How manufacturing can still attract a workforce

Chad Moutray, Chief Economist at the National Association of Manufacturers, discusses how strong demand and supply chain congestion will affect the U.S. labor market.

Video Transcript

ADAM SHAPIRO: When we talk about the supply chain issues facing the country, facing the world, actually, we also talk about the labor problems. And to help us continue this discussion, we invite back into the stream Chad Moutray. He is the National Association of Manufacturers chief economist, and we appreciate your being here.

We were just talking with Mike Pyle, the chief economic advisor to Vice President Kamala Harris. And we asked him, it's one thing to say we're going to work 24/7, it's another thing to get the people in place to work 24 hours. I mean, they're not going to work 24 hours, but the three shifts that would be 24 hours. There's a labor shortage. From your viewpoint, are we closing the gap on that labor shortage? Because I know manufacturers have been sounding this alarm for over a year.

CHAD MOUTRAY: Well, you know, we have 870,000 job openings in manufacturing, just off of an all-time high. You're seeing all-time highs across the board. And manufacturers continue to tell me that one of the biggest downside risks to their forecast as you move into the next year is, will they have enough workers to be able to meet the capacity? And we're seeing really strong demand, right? Demand has been pretty strong, really, over the last year.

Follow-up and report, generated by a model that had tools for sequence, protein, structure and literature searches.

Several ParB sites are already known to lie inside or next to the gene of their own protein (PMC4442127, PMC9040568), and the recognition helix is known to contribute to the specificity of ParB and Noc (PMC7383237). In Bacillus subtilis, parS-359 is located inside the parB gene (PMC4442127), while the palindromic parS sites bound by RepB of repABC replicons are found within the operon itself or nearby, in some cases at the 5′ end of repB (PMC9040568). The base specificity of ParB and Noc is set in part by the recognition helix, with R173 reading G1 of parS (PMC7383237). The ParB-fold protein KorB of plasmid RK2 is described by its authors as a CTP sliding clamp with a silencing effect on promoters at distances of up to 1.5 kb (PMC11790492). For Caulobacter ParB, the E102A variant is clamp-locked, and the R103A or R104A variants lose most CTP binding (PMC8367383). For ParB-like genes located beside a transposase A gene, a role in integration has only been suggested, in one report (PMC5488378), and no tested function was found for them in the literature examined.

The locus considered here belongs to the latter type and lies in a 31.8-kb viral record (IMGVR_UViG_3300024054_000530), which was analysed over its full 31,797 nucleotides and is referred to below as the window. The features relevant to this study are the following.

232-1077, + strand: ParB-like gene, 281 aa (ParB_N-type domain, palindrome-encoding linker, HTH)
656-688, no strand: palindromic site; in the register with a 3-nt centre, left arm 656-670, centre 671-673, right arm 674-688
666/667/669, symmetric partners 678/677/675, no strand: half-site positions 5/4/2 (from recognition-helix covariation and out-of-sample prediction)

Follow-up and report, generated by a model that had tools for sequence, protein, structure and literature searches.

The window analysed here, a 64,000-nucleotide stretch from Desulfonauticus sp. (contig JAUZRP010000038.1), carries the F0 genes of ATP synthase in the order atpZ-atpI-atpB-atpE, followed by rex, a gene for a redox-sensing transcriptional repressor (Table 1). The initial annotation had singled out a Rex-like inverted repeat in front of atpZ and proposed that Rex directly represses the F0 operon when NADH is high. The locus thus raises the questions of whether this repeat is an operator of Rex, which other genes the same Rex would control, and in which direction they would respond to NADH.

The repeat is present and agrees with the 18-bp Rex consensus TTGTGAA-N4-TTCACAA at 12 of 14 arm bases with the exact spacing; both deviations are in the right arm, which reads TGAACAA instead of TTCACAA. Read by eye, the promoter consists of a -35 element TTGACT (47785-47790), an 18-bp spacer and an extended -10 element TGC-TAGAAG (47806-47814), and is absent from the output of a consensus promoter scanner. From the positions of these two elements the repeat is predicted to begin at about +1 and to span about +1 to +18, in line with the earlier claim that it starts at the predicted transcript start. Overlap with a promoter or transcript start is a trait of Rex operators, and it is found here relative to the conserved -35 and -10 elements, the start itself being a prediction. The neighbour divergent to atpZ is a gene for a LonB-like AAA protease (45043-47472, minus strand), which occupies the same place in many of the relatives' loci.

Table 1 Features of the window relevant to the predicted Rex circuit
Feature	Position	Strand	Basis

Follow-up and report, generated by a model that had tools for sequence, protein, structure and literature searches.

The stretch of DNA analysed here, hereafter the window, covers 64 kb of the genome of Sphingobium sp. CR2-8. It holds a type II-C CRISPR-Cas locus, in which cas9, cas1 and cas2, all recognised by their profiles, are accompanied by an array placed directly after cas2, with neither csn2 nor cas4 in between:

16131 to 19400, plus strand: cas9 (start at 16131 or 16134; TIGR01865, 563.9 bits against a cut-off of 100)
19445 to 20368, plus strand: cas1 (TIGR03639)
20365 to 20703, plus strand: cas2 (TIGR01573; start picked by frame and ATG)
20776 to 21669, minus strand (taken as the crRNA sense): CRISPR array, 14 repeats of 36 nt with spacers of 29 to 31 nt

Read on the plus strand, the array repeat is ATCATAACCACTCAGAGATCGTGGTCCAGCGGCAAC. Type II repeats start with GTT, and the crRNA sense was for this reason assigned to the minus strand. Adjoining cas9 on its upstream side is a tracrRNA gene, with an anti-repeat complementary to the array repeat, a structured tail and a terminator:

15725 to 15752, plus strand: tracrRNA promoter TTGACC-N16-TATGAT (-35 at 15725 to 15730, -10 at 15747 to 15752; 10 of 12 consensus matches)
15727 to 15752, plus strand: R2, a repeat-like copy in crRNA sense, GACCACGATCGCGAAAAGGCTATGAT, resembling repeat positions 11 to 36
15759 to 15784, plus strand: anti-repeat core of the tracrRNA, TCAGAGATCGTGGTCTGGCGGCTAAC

But being able to meet that demand is a challenge, given those worker shortages. We also, as you know, Adam, we also have an all-time high level of quits in the system, right? And so there's a lot of competition for labor out there in-- well, it's a number of sectors. And that means a number of challenges in terms of finding the right workers, retaining those workers, and obviously some wage pressures that are out there.

SEANA SMITH: So, Chad, with that in mind, talk to us just about what manufacturers are doing in order to get the workers, in order to attract what they need to meet that demand because it sounds like it's going to be an issue that we will be dealing with now for several months.

CHAD MOUTRAY: Well, as you know, we're doing a creators wanted campaign right now, where we're really trying to convince folks to go into manufacturing. It's a great career, high paying career. And we need to change perceptions about what manufacturing is and what it isn't. A number of school kids are coming around and going to the trucks that we have going around the country, touring and seeing just how cool manufacturing is.

And so I think that's the first thing that we need to do, is to just show folks just how advanced manufacturing is, how much we actually compete with a lot of other sectors that they might not recognize, and just getting those people in the door. As I talk to manufacturers about how they're addressing those skills gaps, yes, they're working their existing workforce more, but we've got to attract more folks and get them in the door to be able to really meet that demand that we're seeing.

ADAM SHAPIRO: That's a long-term, though, project. In fact, I remember we had your colleague on, and we were in one of those trucks. It's amazing, and these are high paying jobs. But in this world we're in now, I think the Wall Street Journal called it the great resignation. I mean, high wages don't seem to do the trick. How do you get people into place to-- I don't know if the 72 days, the supply shortage issue is going to be solved. But a year or two years out, because again, your organization was warning about this more than a year ago.